Still, a mountain of troubled mortgages would not be covered by this deal. Borrowers with loans held by Fannie Mae and Freddie Mac would be excluded, for example. Only loans that the banks hold on their books or that they service for investors would be involved.
One of the oddest terms is that the banks would give $1,500 to any borrower who lost his or her home to foreclosure since September 2008. For people whose foreclosures were done properly, this would be a windfall. For those wrongfully evicted, it would be pathetic. Roughly $1.5 billion in cash is expected to go into this pot.
The rest of the cash that would be paid by the banks is expected to be split this way: the federal government would get about $750 million, state bank regulators about $90 million. Participating states would share about $2.7 billion. That money is expected to finance legal aid programs, housing counselors and other borrower support. If 45 states participated, that would work out to about $60 million apiece.
OBVIOUSLY, the loan modifications would make up a majority of the deal. And this is where real questions arise. For example, how can we be sure this plan won’t reward banks for modifications that they would have agreed to or should already have done absent the deal?
Perhaps most important, will the banks change the terms of loans enough to ensure that borrowers can actually meet their obligations over time? Or will these modifications default again, as is often the case? If so, the banks will have received a lucrative credit, even though borrowers fall back into trouble.
Such concerns are justified because past settlements promising big help to borrowers have failed to live up to their hype. An example is the 2008 settlement with Countrywide Financial that was struck by Illinois and California. Characterized as providing $8.7 billion in relief to troubled borrowers, it turned out to generate nowhere near that benefit.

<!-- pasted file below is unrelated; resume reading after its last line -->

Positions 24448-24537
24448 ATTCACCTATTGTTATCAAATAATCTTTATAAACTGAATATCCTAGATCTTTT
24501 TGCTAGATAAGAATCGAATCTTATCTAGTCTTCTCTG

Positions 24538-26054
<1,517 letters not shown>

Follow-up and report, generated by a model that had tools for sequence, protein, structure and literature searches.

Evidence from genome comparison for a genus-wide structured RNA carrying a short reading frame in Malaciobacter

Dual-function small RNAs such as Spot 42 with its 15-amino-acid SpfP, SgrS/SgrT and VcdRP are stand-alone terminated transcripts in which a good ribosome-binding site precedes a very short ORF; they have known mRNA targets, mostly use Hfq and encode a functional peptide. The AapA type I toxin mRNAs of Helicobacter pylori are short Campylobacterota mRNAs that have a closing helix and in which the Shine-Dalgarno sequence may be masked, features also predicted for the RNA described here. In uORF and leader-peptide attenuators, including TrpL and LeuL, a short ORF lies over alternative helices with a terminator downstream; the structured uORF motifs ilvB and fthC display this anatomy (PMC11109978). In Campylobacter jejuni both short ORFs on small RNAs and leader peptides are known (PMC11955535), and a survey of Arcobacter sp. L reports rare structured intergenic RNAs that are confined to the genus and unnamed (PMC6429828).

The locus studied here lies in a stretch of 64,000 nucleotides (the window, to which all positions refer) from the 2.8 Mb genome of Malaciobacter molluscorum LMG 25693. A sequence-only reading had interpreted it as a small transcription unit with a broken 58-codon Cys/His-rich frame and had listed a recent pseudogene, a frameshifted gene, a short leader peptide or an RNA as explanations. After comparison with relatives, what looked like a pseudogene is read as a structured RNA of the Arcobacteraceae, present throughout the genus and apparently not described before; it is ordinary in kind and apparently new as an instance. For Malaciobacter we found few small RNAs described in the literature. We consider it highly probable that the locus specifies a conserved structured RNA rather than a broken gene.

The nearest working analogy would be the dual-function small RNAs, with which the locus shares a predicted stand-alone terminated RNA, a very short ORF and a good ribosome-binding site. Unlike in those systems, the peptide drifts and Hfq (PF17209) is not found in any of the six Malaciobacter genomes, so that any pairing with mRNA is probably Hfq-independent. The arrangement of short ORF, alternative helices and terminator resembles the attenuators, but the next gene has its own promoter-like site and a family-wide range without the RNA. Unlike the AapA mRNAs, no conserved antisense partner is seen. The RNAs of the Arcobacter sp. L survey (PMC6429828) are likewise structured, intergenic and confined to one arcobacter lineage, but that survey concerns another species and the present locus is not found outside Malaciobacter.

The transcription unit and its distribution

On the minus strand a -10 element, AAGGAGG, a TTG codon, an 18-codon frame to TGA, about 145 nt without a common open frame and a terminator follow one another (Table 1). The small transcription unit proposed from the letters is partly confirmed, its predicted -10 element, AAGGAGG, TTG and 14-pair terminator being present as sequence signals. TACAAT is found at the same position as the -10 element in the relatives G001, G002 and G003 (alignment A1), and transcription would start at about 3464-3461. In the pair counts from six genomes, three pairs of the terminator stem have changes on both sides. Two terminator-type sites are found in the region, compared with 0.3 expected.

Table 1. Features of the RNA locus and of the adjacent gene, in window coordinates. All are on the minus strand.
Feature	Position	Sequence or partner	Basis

The deal being discussed now may also release the big banks that are members of MERS, the electronic mortgage registry, from the threat of some future legal liability for actions involving that organization. MERS, which wreaked havoc with land records across the country, was sued last week by Beau Biden, Delaware’s attorney general, on accusations of deceptive trade practices.
The MERS registry was also subpoenaed last week by Eric Schneiderman, the attorney general of New York, as part of his investigation into the fun-while-it-lasted mortgage securitization fest. If he were to sign on to the settlement, his investigation into MERS could not move forward.
“Rules matter,” Mr. Biden said in announcing his suit. “A homeowner has the obligation to pay the mortgage on time and lenders must follow the rules if they are seeking to take away someone’s house through foreclosure.”
Abiding by the rules has not been the modus operandi in the foreclosure arena. That’s why any settlement must be tough, truly beneficial to borrowers and monitored for compliance. Otherwise, the deal would be another case where our government let the big banks win while Main Street loses.